When Steve Jobs introduced the first iPhone in January 2007, he made a bold claim that the new product was five years ahead of its time.
He was wrong.
It’s been over nine years and no one has made a better phone than the iPhone. But after all these years, the iPhone’s lead has never been smaller. In fact, it’s razor thin.
This week I reviewed the Galaxy Note 7, the new phone from Samsung that beats the iPhone in a lot of key ways. It has a better design than the iPhone. It has better features people will care about like water resistance and wireless charging. It comes with more storage than you could possibly use.
In short, the Note 7 is one of the best phones ever made.
Things don’t look so rosy for the iPhone. It’s had the same design for the last two years, and all reports indicate the so-called iPhone 7 will look very similar when it launches next month. Wireless charging, waterproofing, and design improvements? Apple has ignored all those features. Besides a faster processor and better camera, it’s hard to imagine a compelling reason to get excited about the next iPhone.
Samsung has outdesigned and outperformed the iPhone with the Galaxy Note 7. Meanwhile, Apple is gearing up to launch a phone that will be very similar to the two models it released over the last two years.
So, why is Apple still slightly ahead?
It’s because of the one thing Samsung or anyone else can’t replicate: iOS.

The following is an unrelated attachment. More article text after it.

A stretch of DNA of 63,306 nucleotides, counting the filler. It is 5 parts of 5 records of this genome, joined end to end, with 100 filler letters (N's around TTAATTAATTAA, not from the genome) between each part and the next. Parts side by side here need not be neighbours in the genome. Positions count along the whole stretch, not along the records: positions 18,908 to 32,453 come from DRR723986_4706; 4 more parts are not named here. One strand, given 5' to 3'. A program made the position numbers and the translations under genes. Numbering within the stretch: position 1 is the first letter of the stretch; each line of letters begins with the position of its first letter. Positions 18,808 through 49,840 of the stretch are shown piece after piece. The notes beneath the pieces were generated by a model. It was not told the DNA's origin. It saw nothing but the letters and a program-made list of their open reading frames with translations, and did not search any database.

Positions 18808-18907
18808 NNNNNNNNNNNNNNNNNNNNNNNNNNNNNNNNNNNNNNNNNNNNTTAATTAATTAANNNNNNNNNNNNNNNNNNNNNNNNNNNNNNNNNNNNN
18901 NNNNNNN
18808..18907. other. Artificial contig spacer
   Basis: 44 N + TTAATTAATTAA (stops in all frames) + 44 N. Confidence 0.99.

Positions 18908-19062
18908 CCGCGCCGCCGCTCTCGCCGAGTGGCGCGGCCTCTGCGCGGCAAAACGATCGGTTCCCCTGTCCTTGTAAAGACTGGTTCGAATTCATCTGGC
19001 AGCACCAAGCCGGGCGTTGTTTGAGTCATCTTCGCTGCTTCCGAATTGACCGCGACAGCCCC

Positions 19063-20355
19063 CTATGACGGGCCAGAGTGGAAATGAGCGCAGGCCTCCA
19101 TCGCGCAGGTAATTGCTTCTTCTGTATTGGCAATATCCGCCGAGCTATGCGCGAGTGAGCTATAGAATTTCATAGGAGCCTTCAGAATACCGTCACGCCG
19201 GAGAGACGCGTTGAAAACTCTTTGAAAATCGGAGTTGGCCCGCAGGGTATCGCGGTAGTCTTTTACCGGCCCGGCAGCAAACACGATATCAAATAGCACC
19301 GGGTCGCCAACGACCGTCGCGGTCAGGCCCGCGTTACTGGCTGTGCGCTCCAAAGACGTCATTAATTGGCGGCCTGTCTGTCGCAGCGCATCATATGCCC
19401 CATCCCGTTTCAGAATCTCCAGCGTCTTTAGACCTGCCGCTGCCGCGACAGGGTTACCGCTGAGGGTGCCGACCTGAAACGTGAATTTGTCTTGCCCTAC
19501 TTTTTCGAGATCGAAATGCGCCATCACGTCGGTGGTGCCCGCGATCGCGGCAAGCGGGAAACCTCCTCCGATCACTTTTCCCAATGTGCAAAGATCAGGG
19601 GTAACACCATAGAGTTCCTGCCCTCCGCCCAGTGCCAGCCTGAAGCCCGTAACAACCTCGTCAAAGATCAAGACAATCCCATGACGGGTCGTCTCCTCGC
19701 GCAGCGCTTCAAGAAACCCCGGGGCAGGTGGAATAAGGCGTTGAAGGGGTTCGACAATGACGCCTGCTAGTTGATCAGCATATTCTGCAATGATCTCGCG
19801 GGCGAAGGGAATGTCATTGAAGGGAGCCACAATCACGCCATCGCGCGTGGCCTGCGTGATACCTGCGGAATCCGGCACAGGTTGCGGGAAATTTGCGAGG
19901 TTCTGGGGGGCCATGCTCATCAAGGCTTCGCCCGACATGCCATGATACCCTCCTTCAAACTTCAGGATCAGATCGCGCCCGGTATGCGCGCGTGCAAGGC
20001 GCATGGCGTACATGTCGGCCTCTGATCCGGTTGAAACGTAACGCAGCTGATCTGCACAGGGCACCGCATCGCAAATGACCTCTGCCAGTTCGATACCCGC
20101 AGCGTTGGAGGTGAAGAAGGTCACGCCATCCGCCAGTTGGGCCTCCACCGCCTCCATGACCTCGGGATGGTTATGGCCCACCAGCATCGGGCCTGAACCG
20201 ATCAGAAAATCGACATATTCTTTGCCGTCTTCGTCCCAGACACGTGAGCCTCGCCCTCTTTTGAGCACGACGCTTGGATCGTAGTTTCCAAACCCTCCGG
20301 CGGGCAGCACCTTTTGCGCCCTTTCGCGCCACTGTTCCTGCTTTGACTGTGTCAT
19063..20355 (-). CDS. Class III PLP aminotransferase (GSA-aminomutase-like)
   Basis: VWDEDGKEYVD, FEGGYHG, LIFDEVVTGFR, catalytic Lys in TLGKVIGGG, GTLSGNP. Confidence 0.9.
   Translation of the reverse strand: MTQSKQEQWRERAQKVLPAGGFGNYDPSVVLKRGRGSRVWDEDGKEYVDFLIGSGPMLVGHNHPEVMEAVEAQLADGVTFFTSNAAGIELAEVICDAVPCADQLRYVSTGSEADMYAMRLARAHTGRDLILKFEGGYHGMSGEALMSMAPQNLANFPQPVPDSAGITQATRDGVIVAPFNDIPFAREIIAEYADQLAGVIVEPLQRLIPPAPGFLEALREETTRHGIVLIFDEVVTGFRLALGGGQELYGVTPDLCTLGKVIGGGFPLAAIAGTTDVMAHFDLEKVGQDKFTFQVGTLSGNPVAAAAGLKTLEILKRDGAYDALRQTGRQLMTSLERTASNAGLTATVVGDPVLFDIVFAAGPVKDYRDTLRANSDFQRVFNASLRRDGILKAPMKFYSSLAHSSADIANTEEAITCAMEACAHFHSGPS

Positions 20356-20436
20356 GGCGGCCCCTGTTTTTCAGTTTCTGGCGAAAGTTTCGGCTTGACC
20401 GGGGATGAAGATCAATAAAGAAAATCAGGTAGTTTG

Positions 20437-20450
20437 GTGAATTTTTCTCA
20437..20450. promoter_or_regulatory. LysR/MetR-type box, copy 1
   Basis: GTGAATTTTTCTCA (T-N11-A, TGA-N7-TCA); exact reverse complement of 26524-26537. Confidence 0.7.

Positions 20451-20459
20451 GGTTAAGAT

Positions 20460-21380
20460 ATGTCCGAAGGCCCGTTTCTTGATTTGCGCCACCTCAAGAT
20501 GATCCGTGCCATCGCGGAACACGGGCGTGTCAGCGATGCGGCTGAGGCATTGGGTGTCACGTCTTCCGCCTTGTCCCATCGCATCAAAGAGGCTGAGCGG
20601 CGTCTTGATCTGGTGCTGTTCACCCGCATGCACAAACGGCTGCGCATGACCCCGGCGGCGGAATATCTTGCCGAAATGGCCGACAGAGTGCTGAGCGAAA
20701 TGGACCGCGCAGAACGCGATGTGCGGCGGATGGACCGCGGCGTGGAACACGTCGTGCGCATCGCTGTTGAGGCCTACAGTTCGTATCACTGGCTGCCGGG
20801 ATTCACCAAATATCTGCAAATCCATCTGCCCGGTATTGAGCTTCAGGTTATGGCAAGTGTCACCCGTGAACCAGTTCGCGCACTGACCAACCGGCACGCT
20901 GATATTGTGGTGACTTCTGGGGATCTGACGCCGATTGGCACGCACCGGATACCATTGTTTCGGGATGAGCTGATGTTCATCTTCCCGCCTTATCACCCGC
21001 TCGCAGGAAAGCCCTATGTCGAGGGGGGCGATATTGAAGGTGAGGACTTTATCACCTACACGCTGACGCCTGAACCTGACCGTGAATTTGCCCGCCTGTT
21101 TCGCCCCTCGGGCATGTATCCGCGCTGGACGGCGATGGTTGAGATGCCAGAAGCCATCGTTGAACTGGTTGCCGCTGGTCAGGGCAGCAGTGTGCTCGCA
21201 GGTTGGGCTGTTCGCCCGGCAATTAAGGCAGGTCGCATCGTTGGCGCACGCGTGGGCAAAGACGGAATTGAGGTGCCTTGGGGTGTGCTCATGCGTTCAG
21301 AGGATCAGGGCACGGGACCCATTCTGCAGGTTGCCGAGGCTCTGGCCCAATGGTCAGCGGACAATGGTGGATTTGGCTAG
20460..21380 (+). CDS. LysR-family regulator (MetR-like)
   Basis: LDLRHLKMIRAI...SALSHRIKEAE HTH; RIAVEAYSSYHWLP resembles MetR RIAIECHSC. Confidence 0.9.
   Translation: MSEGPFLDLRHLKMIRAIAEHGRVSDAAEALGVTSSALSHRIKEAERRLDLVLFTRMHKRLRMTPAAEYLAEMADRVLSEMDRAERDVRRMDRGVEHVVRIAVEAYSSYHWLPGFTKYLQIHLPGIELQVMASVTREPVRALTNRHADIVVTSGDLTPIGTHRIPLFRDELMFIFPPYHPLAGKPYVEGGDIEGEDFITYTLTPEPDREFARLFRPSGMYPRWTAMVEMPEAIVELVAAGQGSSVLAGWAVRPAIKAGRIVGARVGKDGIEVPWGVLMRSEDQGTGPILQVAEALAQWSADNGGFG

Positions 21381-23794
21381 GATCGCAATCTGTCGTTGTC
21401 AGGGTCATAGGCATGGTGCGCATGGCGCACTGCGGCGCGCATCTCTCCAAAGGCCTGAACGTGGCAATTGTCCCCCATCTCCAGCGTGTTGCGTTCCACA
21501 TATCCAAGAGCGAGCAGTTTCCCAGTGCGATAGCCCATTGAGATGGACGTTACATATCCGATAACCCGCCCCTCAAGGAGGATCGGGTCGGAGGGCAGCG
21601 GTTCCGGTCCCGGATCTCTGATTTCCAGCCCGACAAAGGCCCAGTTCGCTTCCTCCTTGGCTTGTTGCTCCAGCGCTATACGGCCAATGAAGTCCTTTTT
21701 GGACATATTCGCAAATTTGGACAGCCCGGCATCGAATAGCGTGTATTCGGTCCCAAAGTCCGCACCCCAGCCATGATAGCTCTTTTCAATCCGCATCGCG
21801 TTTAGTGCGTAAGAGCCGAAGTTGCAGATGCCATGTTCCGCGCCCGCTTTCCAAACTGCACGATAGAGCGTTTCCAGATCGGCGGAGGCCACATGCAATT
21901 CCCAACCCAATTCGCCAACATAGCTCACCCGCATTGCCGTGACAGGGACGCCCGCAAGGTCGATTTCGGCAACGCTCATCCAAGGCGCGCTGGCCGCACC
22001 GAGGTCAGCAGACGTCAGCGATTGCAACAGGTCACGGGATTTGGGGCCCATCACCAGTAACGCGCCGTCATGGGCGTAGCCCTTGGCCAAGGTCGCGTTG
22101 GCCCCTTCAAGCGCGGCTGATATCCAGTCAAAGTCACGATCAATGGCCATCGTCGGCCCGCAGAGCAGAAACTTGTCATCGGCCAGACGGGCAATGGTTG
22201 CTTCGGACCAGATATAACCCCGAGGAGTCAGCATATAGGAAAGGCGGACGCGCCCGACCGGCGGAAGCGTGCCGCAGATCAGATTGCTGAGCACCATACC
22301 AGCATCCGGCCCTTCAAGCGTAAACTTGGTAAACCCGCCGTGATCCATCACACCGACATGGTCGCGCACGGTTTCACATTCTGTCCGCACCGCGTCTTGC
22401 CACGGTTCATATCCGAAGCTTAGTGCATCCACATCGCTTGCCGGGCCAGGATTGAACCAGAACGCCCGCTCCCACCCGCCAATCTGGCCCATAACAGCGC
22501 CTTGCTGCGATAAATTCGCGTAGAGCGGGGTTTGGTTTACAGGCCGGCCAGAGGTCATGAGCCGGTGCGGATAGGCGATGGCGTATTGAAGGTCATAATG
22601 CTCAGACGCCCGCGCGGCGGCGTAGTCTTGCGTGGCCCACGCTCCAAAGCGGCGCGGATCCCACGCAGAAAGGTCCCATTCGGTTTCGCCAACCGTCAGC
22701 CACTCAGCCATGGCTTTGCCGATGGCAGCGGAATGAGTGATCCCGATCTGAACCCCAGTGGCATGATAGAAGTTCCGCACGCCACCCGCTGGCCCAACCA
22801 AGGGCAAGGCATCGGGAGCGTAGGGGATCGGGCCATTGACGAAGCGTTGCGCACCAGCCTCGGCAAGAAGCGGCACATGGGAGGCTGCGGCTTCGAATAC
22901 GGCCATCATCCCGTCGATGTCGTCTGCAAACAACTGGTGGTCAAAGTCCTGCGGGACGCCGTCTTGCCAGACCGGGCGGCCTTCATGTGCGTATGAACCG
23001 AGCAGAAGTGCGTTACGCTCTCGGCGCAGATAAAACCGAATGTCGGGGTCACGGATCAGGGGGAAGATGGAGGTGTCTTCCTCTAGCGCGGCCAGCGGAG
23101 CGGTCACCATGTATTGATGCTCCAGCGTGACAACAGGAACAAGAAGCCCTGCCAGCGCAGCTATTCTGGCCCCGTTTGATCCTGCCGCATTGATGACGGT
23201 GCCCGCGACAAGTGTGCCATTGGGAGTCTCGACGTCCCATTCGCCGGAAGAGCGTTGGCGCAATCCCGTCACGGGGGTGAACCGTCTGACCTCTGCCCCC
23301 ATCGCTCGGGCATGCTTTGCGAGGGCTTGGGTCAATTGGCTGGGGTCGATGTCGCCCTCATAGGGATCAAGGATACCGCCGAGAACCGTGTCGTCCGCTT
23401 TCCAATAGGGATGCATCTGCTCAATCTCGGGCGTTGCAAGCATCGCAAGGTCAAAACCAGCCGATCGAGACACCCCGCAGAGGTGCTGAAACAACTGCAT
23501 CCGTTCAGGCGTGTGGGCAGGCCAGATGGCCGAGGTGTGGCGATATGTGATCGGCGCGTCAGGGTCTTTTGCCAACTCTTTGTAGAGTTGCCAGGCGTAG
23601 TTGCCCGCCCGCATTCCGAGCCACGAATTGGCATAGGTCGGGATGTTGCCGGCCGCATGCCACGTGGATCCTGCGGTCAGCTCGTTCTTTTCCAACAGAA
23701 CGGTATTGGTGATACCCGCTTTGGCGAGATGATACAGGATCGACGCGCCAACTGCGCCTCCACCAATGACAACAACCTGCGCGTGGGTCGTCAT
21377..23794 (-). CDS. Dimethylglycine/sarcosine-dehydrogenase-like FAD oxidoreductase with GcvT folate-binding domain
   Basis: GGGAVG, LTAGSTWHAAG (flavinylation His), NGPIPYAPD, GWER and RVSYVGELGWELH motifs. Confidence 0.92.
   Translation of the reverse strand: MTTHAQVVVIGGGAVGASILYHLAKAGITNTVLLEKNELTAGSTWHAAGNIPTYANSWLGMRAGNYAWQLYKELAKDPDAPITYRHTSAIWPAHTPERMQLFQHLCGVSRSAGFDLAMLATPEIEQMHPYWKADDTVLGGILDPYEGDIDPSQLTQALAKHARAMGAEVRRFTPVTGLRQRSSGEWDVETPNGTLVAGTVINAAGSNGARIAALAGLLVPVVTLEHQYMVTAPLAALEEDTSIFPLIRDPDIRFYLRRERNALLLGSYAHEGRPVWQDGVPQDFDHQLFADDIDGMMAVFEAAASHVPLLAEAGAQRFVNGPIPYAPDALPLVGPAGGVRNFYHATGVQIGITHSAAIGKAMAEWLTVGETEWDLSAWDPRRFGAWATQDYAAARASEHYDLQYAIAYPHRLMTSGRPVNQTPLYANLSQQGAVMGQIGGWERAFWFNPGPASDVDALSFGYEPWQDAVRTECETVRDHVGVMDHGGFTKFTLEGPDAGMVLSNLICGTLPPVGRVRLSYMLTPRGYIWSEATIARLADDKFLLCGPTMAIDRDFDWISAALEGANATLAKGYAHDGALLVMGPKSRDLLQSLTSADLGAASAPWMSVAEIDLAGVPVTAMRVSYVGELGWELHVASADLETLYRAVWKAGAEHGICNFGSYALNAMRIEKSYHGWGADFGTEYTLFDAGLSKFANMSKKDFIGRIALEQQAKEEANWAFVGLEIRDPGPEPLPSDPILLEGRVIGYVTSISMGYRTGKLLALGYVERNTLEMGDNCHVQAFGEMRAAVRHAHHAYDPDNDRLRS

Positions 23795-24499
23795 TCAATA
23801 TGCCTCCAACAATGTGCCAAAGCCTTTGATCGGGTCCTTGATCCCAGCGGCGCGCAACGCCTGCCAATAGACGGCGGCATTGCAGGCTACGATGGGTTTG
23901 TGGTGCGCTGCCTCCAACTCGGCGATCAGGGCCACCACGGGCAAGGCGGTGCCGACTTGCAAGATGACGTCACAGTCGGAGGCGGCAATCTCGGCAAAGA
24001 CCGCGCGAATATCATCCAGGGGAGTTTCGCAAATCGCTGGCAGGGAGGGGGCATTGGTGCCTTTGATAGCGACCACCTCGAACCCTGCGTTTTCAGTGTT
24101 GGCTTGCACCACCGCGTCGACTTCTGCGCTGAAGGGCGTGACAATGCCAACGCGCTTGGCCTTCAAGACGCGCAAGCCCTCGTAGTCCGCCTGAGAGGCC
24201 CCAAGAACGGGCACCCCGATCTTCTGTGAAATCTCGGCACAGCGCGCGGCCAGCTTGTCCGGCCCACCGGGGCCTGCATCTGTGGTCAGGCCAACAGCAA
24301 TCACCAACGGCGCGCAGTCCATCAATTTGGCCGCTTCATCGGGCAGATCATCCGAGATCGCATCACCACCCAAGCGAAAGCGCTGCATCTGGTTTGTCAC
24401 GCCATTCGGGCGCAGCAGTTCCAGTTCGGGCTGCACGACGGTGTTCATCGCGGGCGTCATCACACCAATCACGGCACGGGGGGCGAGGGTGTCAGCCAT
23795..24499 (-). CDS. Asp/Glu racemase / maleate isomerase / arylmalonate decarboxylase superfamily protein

Despite Google’s best efforts, the Android ecosystem is still a fragmented mess. Devices rarely get consistent updates. Developers tend to make their best apps for it only after the iPhone version. And Samsung’s version of Android, called TouchWiz, actually bogs down Android’s UI instead of improving it.
iOS is the only smartphone OS that guarantees your device will be supported for several years. You’re lucky if you can find an Android phone that’s still getting updates a year after you buy it. Meanwhile, Apple tends to keep iPhones updated for up to four years. If you buy a new Samsung phone, good luck getting anything new a year from now.
Security is another issue. If and when a nasty bug is discovered, Apple can push out a software update to the entire iOS ecosystem at once. That’s not always possible on Android, as we found out last year with that nasty Stagefright bug.
Apple is in an odd place this year. iOS is the only thing keeping the iPhone ahead, while competitors are beating it everywhere else from design to useful hardware features. Samsung has out-engineered Apple in a lot of significant ways. The iPhone’s lead has never been smaller, and it’s running out of time before Samsung figures out the rest of the puzzle and cleans up its software issues.
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